We last left Thorin & Co. encamped in the old look-out post at the South-West corner of the Mountain and peering anxiously across the surrounding countryside for any clue to the whereabouts of the marauding Smaug. At length they spy many birds gathering, but no further news of the dragon reaches them as night falls. All through the night they keep at least one on watch, but the morning only brings more birds, among them the harsh cry of carrion crows.
Suddenly, Bilbo spies the thrush once again, glad to see that the old bird had escaped from Smaug's destruction of the mountainside. He flies straight to the party and sings to them most urgently, but no one can understand him. Balin wishes fervently that the bird was a raven, because of old there had been great friendship between the dwarves of the Mountain and the ravens that resided upon the top of the very look-out post Thorin & Co. are currently using for shelter, which had been named Ravenhill in their honor. Balin recalls the "wise and famous" raven Carc and his wife and tells Bilbo that the ravens had brought them news and carried messages in exchange for bright objects "they coveted to hide in their dwellings."
Once again, The Professor displays for us both his knowledge of the flora and fauna of his native England, where the raven flourishes, and ties to his "mythology for England" a potent symbol associated with the ancient Norse God Odin. The following quote is taken from the Encyclopedia Britannica On-Line:
"Odin was called the Raven God. He had a throne, Hlidskjalf, in a watchtower in the heavenly realm of Asgard, from which he could see anything that happened in the nine worlds of the universe, and nothing escaped his gaze. Odin would sit on this lofty throne with two ravens, Huginn (Thought) and Muninn (Memory), perched on his shoulders. He sent these birds out into the world each day, and they would return to whisper in his ear everything they had seen."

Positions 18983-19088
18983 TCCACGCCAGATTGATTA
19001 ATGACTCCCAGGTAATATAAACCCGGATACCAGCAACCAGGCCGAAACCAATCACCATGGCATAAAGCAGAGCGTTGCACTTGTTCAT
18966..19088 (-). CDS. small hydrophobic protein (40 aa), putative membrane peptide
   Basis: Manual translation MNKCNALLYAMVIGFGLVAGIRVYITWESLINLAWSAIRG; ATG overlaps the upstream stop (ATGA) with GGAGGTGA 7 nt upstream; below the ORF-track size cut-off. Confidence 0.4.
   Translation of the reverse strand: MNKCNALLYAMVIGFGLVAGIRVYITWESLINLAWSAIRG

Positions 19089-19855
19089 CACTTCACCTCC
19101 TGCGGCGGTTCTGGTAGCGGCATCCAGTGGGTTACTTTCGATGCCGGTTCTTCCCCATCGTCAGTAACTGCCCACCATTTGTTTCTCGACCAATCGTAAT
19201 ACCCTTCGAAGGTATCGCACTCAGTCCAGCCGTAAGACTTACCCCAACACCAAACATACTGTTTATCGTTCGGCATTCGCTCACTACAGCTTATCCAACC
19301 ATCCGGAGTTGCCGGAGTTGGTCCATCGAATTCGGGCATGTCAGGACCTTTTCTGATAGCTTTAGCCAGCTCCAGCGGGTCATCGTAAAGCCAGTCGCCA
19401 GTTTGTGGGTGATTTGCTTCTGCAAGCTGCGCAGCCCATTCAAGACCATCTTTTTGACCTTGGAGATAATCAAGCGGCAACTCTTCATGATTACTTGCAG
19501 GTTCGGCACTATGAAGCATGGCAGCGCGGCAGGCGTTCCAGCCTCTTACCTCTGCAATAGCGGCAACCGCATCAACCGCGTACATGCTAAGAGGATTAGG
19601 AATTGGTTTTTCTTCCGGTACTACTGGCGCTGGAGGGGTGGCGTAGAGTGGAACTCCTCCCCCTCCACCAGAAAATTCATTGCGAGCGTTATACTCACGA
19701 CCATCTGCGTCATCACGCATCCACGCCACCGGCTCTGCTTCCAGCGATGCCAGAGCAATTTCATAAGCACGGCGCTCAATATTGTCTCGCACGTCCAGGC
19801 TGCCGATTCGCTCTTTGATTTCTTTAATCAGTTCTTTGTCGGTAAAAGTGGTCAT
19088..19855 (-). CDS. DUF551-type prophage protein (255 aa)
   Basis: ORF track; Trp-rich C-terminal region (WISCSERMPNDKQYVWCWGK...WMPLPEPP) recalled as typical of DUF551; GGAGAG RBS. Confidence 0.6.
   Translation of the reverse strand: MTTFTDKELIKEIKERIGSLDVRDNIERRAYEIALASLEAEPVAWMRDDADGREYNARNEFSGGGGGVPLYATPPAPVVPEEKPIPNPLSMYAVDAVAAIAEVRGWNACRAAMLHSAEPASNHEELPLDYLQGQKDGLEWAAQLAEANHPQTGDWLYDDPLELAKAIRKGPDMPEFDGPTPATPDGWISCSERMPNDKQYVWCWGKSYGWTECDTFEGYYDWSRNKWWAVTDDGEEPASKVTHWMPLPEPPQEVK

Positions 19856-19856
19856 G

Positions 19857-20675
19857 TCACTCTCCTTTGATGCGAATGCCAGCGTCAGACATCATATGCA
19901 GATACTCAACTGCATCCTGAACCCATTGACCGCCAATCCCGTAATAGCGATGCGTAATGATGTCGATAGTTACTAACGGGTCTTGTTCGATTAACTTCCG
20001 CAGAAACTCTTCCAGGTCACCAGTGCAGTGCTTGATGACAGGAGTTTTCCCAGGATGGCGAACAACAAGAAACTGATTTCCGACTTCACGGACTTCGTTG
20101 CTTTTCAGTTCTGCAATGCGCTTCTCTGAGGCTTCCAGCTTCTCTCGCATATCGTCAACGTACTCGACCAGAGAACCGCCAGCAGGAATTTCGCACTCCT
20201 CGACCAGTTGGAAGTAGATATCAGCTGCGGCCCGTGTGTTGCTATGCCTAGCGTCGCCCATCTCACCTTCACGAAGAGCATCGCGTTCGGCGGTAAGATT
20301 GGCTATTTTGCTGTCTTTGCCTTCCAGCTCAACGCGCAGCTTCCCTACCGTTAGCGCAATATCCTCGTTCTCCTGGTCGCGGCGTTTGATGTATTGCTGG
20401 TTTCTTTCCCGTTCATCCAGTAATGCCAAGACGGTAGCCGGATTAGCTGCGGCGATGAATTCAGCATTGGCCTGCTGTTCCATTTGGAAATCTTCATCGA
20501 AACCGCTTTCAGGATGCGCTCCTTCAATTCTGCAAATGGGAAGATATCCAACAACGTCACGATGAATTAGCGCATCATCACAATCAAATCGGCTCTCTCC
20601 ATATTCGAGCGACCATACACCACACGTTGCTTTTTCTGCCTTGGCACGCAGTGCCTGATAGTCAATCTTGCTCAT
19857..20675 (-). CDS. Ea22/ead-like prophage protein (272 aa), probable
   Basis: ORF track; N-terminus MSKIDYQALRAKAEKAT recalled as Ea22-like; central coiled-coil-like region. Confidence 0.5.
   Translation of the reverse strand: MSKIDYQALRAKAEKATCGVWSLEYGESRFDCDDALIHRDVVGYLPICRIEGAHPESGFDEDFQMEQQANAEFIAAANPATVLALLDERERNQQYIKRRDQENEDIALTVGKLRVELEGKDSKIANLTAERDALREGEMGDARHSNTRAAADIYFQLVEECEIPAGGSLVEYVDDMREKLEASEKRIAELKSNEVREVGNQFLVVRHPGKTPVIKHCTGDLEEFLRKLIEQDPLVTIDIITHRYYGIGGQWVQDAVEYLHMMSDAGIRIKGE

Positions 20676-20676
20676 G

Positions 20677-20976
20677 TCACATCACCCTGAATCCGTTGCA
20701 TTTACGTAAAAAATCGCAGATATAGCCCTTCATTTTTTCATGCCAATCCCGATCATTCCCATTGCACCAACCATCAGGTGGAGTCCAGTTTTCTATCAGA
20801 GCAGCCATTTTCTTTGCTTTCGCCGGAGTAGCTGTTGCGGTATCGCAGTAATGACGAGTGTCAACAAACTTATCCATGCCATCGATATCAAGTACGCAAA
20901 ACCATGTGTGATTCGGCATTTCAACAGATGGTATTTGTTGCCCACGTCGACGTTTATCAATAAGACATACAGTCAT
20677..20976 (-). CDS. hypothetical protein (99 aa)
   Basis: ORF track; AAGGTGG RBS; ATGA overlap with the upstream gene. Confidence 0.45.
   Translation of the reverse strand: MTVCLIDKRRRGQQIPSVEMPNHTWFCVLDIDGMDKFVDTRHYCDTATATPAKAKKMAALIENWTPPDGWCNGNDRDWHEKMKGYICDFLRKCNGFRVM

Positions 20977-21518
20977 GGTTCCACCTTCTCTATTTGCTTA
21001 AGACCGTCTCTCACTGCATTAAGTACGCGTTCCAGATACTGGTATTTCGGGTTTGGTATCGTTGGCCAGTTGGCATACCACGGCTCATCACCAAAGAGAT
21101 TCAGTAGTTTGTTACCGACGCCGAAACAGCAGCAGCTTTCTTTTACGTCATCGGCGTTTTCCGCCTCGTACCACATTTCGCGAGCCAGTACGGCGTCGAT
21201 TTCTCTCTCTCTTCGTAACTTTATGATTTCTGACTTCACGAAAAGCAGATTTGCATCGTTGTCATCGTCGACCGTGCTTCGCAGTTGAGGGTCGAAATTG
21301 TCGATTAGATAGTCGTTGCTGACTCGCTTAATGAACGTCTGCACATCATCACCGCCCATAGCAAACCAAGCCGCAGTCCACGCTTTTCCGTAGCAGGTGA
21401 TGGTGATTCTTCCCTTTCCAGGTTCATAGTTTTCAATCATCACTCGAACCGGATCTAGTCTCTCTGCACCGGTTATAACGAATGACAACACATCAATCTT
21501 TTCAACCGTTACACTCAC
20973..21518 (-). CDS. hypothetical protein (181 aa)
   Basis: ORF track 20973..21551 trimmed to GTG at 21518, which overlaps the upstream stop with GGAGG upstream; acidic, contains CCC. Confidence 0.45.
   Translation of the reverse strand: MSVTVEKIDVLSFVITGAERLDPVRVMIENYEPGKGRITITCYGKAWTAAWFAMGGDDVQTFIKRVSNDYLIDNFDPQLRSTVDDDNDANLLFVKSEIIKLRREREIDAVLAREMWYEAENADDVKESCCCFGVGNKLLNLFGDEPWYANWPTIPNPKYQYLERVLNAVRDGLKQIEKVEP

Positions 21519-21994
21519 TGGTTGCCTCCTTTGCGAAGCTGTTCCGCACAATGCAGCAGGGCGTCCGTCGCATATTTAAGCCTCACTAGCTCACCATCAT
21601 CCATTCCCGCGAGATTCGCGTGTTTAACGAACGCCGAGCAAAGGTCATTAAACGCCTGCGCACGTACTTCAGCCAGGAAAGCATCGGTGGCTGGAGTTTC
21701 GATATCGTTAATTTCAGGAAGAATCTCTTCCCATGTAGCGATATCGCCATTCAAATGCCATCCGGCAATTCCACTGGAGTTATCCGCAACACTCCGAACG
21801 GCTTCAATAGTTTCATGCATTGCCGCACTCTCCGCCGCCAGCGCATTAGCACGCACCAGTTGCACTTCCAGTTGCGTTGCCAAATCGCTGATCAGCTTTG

The thrush suddenly departs with a loud call and shortly returns with a "most decrepit old bird" who proves to be none other than Roäc, son of Carc. He is ancient indeed, it being 153 years since he came "out of the egg"! From Roäc, Thorin & Co. learn that Smaug is dead, thanks to the knowledge of the old thrush ("may his feathers never fall"), who witnessed the deed. But Roäc also bears news that the Elvenking and his host are on the way, having heard of the death of the dragon. In addition, the Lake men who have lost lives and homes to Smaug's rampage are also on the way, seeking "amends from your treasure whether you are alive or dead." Roäc tells Thorin of Bard the Bowman, whose daring shot killed the dragon, calling him "a grim man but true" and expressing his hope that there will be peace once more among the dwarves, men, and elves "after the long desolation."
But Thorin, deeply caught up by treasure sickness, has no ear for peace, and desires only to secure the treasure to himself and his folk, ". . . none of our gold shall thieves take or the violent carry off while we are alive." He asks Roäc to send messengers to Thorin's kin in the north, but most especially to his cousin Dain in the Iron Hills, asking them to send a well-armed, fast-traveling fighting force to his aid.
Old Roäc seems unhappy to hear such war-like words, but agrees to help nonetheless. And Bilbo? Well, with the death of the dragon, the Tookish side of him is taking a well-deserved breather, and the practical, business-like Baggins nature emerges once again. He is concerned about how little food they have left and feels that, with the death of the dragon and the achievement of the treasure, his part in this business has been completed. Little does he know that his most important task - one that will require all of his ingenuity and generosity of spirit - is yet ahead of him.